Therefore we are always confident and know that as long as we are at home in the body we are away from the Lord. For we live by faith, not by sight. We are confident, I say, and would prefer to be away from the body and at home with the Lord. So we make it our goal to please him, whether we are at home in the body or away from it. 10 For we must all appear before the judgment seat of Christ, so that each of us may receive what is due us for the things done while in the body, whether good or bad.”

Paul, having been a tent maker, thinks in terms of the body as a tent while I use the car as a comparison; in either case the results are the same, it is temporary and must be left behind. I have mentioned before that our bodies are the only part of us that are not redeemed by faith in Jesus Christ as Savior; they must be left behind or transformed as will happen to the terminal generation of Christians at the rapture of the church.

Establishing a Biblical Perspective

It is rather difficult to disassociate ourselves from our bodies; to think of them more accurately as temporary transportation which cannot accompany us into the presence of the Lord and be a part of our future in eternity. This is as much a matter of faith as is salvation by faith in Jesus Christ as Lord and Savior; if one can take that step of faith then life and death is put into a totally new frame of reference.

When our older son was dying of terminal brain cancer I talked to him about death and described it as a doorway which leads us to Christ. He was at peace with the thought of his death and was an inspiration to many as his condition continued to deteriorate. His funeral was a celebration of a life lived unto the Lord and a joyous recognition of the sufficiency of our Lords grace. He had arrived at the destination given to him by the Lord; left his transportation behind and went home to be with the Lord.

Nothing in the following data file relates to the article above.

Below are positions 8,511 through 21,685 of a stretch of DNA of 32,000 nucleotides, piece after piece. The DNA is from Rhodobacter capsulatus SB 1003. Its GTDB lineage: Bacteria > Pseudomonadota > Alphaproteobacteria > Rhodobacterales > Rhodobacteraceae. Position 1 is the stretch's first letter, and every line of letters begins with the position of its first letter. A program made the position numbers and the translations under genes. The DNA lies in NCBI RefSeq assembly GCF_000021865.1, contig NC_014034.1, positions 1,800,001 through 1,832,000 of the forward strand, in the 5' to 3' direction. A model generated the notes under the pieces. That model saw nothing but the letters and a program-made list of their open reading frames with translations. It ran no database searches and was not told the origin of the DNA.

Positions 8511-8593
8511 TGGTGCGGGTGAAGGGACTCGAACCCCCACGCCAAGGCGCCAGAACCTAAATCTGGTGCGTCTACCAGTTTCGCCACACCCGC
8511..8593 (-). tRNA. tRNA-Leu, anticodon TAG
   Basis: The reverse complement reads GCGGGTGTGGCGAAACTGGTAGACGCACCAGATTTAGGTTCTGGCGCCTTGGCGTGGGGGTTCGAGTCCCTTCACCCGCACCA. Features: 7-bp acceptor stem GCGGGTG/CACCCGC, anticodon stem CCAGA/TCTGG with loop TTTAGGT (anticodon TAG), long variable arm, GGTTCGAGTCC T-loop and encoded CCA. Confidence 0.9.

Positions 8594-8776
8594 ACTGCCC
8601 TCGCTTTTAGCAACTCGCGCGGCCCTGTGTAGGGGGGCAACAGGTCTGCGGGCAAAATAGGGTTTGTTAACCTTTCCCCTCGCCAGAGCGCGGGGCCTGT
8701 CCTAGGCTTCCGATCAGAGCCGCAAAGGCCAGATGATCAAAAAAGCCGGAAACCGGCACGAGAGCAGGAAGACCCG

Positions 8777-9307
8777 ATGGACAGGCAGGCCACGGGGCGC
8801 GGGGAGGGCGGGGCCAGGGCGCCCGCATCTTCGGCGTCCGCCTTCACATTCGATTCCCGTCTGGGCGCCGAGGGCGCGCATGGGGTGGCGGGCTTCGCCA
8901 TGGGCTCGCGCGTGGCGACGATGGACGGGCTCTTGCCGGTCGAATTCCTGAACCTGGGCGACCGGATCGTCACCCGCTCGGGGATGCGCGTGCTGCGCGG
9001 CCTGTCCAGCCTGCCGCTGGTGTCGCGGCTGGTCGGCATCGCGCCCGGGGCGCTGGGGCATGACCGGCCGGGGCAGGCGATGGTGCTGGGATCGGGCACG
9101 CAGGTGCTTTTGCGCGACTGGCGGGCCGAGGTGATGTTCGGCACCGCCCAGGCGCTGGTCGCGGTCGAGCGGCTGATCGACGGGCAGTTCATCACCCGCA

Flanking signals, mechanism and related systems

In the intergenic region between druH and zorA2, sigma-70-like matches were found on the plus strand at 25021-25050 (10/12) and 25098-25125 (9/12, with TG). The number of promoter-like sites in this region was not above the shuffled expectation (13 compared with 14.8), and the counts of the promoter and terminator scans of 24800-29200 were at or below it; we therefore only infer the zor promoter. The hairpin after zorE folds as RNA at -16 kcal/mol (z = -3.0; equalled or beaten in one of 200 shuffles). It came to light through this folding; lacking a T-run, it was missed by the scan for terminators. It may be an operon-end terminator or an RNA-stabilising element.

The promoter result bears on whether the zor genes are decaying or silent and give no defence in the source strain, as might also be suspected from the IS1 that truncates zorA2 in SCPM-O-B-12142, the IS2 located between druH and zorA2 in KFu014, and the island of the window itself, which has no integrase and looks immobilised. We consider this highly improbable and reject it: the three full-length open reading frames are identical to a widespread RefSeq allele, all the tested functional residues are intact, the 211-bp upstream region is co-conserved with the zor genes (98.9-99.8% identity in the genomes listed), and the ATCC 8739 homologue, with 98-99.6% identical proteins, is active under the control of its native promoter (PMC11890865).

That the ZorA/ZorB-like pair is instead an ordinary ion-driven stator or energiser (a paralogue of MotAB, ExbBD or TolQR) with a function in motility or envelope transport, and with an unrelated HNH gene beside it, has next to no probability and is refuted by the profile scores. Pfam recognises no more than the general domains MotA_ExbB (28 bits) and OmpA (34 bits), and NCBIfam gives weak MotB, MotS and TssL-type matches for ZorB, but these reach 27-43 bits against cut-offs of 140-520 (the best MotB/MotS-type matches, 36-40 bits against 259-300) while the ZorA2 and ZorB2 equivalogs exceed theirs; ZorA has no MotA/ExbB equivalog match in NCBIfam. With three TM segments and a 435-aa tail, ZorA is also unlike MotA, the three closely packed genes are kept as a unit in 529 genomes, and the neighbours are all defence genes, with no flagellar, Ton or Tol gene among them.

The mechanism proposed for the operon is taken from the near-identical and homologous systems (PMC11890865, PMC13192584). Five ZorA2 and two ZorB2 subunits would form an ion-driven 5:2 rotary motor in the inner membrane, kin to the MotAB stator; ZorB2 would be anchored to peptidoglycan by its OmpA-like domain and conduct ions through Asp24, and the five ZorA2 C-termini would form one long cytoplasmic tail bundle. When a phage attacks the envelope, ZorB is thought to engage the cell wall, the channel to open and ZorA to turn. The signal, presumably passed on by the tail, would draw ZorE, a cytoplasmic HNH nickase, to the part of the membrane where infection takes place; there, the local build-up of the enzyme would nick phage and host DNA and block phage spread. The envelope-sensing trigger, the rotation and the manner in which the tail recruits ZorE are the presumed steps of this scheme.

At a time known only to the Lord, we who have received Him as Savior will receive our new heavenly transportation or as Paul expresses it, “our heavenly dwelling;” in the meantime we will be doing ourselves and all who know us a big favor by holding, and helping them hold a Biblical perspective on life and death.

16 For the Lord himself will come down from heaven with a shout of command, with the voice of the archangel, and with the trumpet of God, and the dead in Christ will rise first. 17 Then we who are alive, who are left, will be suddenly caught up together with them in the clouds to meet the Lord in the air. And so we will always be with the Lord. 18 Therefore encourage one another with these words.                   (1 Thessalonians 4:16-18)


Responses

  1. Very encouraging!

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    • Carol,

      I believe God delights in his children’s encouragement. Thank you for your comment and your subscription.

      David

      Like

  2. Well stated. Thank you. It is a relief to find someone who respects the human body, what God blessed and designed, and who understands mortality. Temporary. Still not an excuse for disrespect toward self or others.

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    • I am in awe of not only the human body but all of God’s creation. God is truly extravagant in His creative processes as we see reflected all around us! Our two cats never fail to remind me of God’s creative powers; each one of them is a unique creation never to be repeated. Thank you for your comment and your subscription.

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  3. I am encouraged by these words. What a glorious day it will be when we all see Jesus face to face.

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    • Perhaps we will be better equipped to deal with such wonder when we have our heavenly bodies; right now it is rather hard to imagine.

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  4. What a wonderful explanation of such a deep biblical truth. Thank you!